The book looks at all ten of the amendments known as the Bill of Rights. The 1st Amendment gets a particularly detailed analysis since it's one of our most important constitutional rights. I particularly enjoyed the discussion on the freedom of the press. I learned a lot about this right and how it has evolved over the years. The chapter on the 2nd Amendment tackles the question of an armed citizenry. Is this a protection of personal or collective rights? (Since the first nine amendments all address individual rights, my opinion is that the 2nd Amendment also protects individual rights, an interpretation that has been generally upheld by federal courts.) Other amendments are also explained in a very readable manner.

I think it's vitally important for citizens to understand the freedoms we have and how they're protected by our Constitution. Sean Patrick has done a nice job of explaining the Bill of Rights and how it came into being.
31 of 32 people found the following review helpful
5.0 out of 5 stars Great book. It gets to the point and provides ... 9 September 2015
By Serendipity - Published on Amazon.com
Format: Kindle Edition Verified Purchase
Great book. It gets to the point and provides a lot of historical background. The author tries to take an objective standpoint on the issue and does a pretty job at maintaining this objectivity. The book is a lot shorter than the page number indicates. This is because there is a fairly comprehensive glossary, with hundreds of definitions, at the end that covers all of the terms in the book as well as many other important people, things, and terminology that arises in standard legal history and practices. Reading through the glossary is like another book in itself and provides a great foundation. I would have given the book 4 stars had it not been for that glossary.
15 of 15 people found the following review helpful
5.0 out of 5 stars Loved the Book 11 February 2016
By Linda F. Gilbert - Published on Amazon.com
Format: Kindle Edition Verified Purchase
Very educational! I am proud I found this book and read it; plan to read it again. I also plan to recommend, strongly, this book to friends and family members. Anyone, no matter their political or religions affiliation should read this. The writer brought into the writings comments and opinions of many of our country's earliest politicians which put the spotlight on why opinions were made either for or against something. I encourage anyone to read.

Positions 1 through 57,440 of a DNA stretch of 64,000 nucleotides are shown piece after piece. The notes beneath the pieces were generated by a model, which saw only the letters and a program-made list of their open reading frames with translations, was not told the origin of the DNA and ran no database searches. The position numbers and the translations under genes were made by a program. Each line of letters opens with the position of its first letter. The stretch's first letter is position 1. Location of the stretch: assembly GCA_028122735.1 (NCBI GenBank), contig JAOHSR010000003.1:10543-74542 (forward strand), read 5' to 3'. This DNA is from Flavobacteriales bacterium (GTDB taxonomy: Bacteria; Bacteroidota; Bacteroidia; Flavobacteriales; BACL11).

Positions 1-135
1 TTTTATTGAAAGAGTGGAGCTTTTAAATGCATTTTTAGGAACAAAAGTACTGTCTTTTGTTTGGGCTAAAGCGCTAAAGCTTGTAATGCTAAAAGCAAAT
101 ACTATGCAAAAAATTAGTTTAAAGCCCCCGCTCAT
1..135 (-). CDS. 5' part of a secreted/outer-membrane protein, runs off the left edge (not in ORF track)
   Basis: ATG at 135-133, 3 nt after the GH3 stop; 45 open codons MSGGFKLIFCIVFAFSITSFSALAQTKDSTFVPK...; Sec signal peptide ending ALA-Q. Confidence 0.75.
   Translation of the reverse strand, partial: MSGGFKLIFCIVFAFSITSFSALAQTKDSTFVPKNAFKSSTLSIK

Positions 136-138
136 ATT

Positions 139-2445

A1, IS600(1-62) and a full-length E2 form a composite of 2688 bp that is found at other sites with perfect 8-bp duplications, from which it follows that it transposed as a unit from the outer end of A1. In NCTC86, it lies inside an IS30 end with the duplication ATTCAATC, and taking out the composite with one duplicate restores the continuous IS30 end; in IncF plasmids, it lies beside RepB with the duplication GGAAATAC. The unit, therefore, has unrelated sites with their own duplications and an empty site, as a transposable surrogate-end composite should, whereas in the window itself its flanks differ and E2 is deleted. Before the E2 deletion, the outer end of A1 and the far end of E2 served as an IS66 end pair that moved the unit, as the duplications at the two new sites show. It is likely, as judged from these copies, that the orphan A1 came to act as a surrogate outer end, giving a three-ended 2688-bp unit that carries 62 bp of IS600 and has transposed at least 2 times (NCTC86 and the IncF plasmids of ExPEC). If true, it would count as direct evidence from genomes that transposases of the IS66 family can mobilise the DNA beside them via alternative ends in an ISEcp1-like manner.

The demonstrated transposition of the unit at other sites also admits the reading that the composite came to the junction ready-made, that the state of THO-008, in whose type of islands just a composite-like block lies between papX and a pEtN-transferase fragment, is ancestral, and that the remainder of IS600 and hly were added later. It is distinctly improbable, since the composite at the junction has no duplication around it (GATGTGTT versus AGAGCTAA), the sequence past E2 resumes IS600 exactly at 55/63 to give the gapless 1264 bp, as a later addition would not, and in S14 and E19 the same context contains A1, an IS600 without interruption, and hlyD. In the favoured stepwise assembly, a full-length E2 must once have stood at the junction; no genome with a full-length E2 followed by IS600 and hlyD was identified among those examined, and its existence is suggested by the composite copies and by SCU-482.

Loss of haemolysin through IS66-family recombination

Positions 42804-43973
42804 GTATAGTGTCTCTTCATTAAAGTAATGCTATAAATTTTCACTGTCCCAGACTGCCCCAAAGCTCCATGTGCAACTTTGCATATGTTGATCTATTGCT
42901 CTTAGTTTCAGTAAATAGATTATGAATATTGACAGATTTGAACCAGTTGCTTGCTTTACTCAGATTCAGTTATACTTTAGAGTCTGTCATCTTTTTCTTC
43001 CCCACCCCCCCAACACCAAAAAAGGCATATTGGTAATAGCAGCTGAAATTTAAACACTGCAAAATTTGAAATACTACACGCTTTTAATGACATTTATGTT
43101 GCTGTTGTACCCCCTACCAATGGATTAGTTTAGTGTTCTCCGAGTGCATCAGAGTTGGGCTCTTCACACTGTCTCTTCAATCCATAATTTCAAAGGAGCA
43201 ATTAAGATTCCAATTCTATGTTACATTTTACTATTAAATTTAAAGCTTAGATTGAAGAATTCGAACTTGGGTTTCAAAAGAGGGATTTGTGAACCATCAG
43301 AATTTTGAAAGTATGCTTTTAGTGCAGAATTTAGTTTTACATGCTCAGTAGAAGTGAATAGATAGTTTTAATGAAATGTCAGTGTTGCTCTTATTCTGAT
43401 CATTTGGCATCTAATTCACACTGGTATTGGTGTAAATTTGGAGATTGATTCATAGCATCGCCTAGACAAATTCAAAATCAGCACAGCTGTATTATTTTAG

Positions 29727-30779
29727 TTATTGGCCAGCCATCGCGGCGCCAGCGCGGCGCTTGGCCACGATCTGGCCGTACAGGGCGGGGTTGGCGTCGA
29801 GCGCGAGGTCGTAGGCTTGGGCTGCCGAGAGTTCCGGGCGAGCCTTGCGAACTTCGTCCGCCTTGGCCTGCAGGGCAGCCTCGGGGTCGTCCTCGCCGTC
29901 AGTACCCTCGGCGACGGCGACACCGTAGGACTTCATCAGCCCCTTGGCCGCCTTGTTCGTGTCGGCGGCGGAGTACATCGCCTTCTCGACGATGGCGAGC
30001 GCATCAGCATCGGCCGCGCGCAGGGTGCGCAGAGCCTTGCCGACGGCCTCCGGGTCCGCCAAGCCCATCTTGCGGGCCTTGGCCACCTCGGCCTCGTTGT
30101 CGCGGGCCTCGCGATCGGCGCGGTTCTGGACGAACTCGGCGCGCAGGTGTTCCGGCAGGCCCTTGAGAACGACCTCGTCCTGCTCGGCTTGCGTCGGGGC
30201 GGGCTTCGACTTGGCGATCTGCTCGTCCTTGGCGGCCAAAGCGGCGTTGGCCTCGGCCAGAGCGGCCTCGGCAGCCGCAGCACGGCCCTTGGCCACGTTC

16 of 16 people found the following review helpful
5.0 out of 5 stars Very informative 27 August 2014
By DCteaman - Published on Amazon.com
Format: Kindle Edition Verified Purchase
I chose this book, because I consider myself politically active. I often debate with people about current events and politics. I needed a book that would brush up on my understanding of the Bill of Rights. I'm more than pleased with this book. it's a book that in my opinion, should be mandatory reading for high schoolers! what a blessing it is to have our Natural Rights secured for us by our Constitution. This book will serve as a great educational tool to any audience. not only does it list what the Bill lays out, but also gives appropriate background info, and thus helps you not only understand meaning, but also intent.
25 of 26 people found the following review helpful
5.0 out of 5 stars Are you willing to give these up? Do you know what they are? 2 December 2013
By Krkrjk - Published on Amazon.com
Format: Kindle Edition Verified Purchase
Far too many citizens of the United States of America have forgotten, ignored, disregarded, dismissed the first ten Amendments to the U.S. Constitution, commonly known as the Bill of Rights. Why are these rights different that the rest that follow the first ten; it is because the founders believed that these right were "unalienable" (or our present day word of "inalienable")which means rights that are "unable to be taken away from or given away by the possessor". They meant these right were ours by birth, by life and no one, including our own government can take them away and neither are we able to give them away. I refer you to the words of President John F. Kennedy in his Inaugural Address "And yet the same revolutionary beliefs for which our forebears fought are still at issue around the globe–the belief that the rights of man come not from the generosity of the state but from the hand of God." Ask yourself this question. "Am I willing to give up these rights?" Free speech? Worship (or not worship)? Free Press? Assembly? Speedy trial? Protection from unreasonable search and seizure? And much more. Read them, learn them and treasure them. Be very, very careful how you vote in the future. These rights and our nation depends on that.